I’m not going to lie: I’ve been dreading reaching these books in my reread not because I dislike them as a whole but because of how controversial they are. Actually, I don’t hate everything about these books, just certain parts. In the mean time, observe as I use humor as a red cape to distract all of you from yelling at me for being wrong! Can you tell I’m nervous? I think I’m doing that thing where I write too much. Maybe we should just start with the actual post. (Editor’s Note: Real glad I’ve moved past the caring if other people like what I like stage of my fandom life.)
Kids, in the spring of 2006, I was ready to give up on the current timeline of Star Wars books. The Dark Nest trilogy had left me mentally scarred and the Prequel Trilogy books just seemed so much nicer and safer even though I knew everyone was going to die. And then Del Rey did something very smart: they Allston-ed me. What is ‘Allston-ed’, you ask?
Allston-ed (verb) 1 The act of bringing in Aaron Allston to write more books in the Star Wars Expanded Universe therefore enticing readers who might have otherwise quit to come back and continue reading.
2 Experiencing a heart-breaking character death that makes you want to sob uncontrollably and from which you shall never recover.
To top it off, we were told that the planet Adumar would be making an appearance and that Wedge would be in the book. You have no idea how disappointed I was that the Adumarians hadn’t put up a statue of Wedge somewhere and written a charming song called ‘Hero of Adumar’ to go with it. SO DISAPPOINTED. (Wedge! The Man They Call Wedge!) (Editor’s Note: Still disappointed tbh) Continue reading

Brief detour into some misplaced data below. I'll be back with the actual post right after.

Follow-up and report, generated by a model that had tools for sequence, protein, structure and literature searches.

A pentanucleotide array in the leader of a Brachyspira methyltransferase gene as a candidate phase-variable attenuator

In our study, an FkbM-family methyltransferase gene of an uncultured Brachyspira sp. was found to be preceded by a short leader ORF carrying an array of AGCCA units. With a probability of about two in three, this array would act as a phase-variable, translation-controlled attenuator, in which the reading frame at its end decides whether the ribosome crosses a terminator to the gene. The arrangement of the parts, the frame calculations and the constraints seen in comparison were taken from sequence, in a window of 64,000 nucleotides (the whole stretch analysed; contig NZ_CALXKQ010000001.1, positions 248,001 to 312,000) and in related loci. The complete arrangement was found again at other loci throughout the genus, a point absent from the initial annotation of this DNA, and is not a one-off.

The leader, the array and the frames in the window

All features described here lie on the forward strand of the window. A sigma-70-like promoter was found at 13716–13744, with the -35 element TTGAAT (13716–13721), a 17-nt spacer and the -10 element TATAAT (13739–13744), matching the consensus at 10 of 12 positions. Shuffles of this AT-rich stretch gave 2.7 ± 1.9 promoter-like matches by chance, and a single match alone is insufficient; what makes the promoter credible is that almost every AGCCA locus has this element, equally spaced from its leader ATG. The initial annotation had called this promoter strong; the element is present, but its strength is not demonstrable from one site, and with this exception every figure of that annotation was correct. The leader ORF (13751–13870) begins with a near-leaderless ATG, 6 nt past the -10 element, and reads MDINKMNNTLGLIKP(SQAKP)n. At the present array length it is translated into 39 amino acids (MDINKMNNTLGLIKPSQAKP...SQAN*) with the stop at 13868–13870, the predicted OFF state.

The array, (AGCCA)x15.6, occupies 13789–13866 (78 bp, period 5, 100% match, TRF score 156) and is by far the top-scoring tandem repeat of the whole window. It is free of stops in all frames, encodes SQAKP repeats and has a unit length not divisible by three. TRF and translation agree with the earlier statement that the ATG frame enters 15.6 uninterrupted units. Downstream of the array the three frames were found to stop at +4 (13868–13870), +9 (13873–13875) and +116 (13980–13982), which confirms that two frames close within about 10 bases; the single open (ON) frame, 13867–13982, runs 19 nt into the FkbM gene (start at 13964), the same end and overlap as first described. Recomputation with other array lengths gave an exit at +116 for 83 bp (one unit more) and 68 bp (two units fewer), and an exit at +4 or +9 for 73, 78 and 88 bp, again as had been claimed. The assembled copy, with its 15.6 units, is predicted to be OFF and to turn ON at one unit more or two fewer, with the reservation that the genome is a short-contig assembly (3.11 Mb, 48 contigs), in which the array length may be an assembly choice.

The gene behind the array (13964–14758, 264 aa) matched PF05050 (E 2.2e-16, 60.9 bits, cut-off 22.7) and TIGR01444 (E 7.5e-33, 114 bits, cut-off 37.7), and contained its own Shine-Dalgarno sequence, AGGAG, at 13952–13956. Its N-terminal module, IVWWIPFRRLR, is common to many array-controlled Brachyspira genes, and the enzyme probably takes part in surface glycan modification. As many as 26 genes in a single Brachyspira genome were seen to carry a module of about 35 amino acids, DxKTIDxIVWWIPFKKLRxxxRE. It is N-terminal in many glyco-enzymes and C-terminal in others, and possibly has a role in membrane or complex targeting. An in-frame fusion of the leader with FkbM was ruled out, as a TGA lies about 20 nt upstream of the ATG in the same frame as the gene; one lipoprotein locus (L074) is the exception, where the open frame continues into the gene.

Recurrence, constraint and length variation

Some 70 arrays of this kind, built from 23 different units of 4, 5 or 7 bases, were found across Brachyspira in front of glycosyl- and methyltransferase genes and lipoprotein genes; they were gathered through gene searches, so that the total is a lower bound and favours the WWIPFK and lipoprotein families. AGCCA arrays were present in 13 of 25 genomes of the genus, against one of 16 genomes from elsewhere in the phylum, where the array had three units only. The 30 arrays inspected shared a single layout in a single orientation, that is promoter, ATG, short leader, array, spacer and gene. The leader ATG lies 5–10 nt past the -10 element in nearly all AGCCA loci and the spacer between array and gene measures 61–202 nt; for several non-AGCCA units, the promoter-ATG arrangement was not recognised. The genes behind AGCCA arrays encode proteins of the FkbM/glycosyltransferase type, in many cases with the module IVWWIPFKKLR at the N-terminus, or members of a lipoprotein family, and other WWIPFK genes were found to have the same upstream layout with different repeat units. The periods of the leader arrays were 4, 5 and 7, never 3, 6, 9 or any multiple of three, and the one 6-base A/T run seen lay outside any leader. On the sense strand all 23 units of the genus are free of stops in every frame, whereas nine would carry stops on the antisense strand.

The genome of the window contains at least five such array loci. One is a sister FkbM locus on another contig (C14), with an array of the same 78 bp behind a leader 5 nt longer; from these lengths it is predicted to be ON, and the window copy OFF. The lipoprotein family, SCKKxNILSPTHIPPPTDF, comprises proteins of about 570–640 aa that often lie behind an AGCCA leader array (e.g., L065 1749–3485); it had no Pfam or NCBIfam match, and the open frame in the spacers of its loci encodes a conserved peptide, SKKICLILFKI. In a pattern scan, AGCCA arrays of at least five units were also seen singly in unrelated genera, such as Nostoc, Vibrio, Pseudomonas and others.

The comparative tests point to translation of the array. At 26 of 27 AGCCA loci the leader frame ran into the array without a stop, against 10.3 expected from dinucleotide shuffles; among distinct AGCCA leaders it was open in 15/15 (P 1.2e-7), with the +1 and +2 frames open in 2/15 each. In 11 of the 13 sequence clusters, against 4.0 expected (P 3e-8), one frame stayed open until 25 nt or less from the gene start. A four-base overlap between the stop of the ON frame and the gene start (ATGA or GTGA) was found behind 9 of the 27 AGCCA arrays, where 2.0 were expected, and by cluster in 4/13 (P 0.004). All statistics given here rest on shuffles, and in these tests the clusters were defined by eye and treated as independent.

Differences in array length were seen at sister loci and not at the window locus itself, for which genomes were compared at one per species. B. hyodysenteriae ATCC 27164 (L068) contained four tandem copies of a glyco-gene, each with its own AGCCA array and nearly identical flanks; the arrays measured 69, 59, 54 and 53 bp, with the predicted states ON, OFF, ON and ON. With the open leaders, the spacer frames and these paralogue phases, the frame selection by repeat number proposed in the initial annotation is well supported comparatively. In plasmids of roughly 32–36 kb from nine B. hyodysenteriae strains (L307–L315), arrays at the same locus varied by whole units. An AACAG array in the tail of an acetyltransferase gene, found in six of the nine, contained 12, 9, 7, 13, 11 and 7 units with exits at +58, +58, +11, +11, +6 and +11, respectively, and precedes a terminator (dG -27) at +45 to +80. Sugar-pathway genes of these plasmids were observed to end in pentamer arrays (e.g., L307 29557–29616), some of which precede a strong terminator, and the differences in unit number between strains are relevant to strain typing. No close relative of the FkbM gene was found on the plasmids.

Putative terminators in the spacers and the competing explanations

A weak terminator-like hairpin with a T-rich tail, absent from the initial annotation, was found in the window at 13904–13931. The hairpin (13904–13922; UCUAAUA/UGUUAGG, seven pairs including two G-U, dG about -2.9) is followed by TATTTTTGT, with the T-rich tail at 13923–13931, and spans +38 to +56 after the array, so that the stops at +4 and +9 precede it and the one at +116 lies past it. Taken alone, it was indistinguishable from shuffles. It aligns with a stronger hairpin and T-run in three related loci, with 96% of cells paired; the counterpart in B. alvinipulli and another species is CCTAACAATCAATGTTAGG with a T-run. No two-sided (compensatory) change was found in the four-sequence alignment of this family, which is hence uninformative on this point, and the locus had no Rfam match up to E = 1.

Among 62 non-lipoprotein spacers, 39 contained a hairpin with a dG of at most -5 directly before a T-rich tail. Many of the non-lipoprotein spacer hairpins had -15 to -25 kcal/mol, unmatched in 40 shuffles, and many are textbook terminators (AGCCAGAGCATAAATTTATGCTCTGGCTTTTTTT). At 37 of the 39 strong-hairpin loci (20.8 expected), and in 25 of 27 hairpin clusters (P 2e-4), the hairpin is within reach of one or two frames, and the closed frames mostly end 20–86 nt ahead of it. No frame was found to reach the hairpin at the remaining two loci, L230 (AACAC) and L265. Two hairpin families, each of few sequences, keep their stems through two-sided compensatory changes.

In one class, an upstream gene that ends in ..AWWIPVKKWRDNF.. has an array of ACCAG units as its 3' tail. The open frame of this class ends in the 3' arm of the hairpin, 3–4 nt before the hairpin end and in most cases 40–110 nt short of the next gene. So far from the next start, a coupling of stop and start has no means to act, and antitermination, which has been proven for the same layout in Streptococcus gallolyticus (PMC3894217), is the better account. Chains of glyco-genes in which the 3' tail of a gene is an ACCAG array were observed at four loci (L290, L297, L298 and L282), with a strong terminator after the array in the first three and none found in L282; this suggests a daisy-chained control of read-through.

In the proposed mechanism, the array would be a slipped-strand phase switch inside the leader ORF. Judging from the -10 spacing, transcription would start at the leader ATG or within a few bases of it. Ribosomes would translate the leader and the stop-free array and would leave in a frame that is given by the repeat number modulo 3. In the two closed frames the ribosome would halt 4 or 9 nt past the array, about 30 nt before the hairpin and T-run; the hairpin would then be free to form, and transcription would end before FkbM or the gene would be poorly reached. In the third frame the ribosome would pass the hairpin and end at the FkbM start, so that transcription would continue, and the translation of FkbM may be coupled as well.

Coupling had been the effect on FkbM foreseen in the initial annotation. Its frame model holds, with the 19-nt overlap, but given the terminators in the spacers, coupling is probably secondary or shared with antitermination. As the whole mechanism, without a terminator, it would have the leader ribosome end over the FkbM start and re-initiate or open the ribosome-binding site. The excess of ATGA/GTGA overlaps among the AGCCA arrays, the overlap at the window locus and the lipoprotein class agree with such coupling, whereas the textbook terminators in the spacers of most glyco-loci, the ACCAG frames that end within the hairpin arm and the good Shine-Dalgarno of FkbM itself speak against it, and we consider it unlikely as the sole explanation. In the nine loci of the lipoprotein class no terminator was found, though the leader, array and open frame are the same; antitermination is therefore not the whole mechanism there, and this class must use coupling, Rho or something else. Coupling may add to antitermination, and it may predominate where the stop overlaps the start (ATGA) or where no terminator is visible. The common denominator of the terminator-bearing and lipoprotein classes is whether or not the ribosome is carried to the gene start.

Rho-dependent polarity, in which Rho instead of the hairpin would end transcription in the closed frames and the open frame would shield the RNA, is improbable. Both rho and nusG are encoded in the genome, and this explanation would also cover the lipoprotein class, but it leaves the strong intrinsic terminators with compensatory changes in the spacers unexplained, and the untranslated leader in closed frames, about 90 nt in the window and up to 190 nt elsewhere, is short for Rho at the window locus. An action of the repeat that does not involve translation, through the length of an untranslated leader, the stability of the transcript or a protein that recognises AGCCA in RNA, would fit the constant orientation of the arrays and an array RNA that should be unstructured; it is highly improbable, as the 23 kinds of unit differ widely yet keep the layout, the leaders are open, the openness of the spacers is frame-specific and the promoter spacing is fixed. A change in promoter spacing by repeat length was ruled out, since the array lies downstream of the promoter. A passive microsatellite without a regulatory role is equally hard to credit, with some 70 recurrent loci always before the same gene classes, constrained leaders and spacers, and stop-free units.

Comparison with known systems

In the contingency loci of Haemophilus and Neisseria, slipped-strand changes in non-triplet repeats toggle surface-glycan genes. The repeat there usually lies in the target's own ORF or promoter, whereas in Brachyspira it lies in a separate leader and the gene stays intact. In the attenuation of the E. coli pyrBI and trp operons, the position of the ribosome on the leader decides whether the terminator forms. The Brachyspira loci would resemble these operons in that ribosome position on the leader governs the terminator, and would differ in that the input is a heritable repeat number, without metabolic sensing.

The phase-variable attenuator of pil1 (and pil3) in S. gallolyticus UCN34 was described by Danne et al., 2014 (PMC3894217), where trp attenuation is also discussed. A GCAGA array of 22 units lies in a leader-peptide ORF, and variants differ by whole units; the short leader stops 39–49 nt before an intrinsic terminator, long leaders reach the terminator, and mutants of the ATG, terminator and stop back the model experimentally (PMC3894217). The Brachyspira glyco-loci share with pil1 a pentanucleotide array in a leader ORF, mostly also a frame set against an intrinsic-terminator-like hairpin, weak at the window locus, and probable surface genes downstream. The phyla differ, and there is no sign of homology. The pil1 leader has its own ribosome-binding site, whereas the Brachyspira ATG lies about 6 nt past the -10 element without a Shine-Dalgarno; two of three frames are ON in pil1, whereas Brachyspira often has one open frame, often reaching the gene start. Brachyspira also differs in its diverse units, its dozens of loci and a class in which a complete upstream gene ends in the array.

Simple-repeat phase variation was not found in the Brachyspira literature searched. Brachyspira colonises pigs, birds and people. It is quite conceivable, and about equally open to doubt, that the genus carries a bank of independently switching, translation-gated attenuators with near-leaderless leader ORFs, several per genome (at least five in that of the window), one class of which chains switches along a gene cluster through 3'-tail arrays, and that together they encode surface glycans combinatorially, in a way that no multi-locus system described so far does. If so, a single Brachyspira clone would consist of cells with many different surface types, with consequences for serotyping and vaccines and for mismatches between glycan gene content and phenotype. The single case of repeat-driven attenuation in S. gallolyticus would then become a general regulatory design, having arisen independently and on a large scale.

Here we are. At last, we’ve arrived at the book I’ve been dreading because it is just that good. (Thanks for that, Matt Stover.) In 2005, Del Rey published the novelization of Revenge of the Sith and two novels that take place on either side of it, forming an unofficial trilogy. I’m also including another book in this post just because it needed a place to go. This is also the review where I finally did post some reaction pictures so I could properly express my anguish. (Enjoy the spam of my face.) However, if you’re going to take nothing else away from this and the past few posts, take away that I would positively love to see both Stover and Luceno write more books in this era. Please. (Editor’s Note: Del Rey sorta listened to me? A few years later, Luceno wrote Tarkin. Not that I actually think DR listens to me, haha.)
Labyrinth of Evil
This is by far the prequel lead-in book that has the most to do with its film. (So, in retrospect, my decision to go to the bookstore and read through this hardcover I couldn’t afford the day before the movie was released was a good one but then again 15 year old me probably should’ve had the good sense to get it from the library weeks before.) Because it goes directly into the film, it ends up being one of the most worthwhile of the lead-in books to read. Even though it’s a lead up, the book still has its own story to tell and that tale never really drags. Luceno’s action sequences are well done and he has an excellent grasp of all the characters.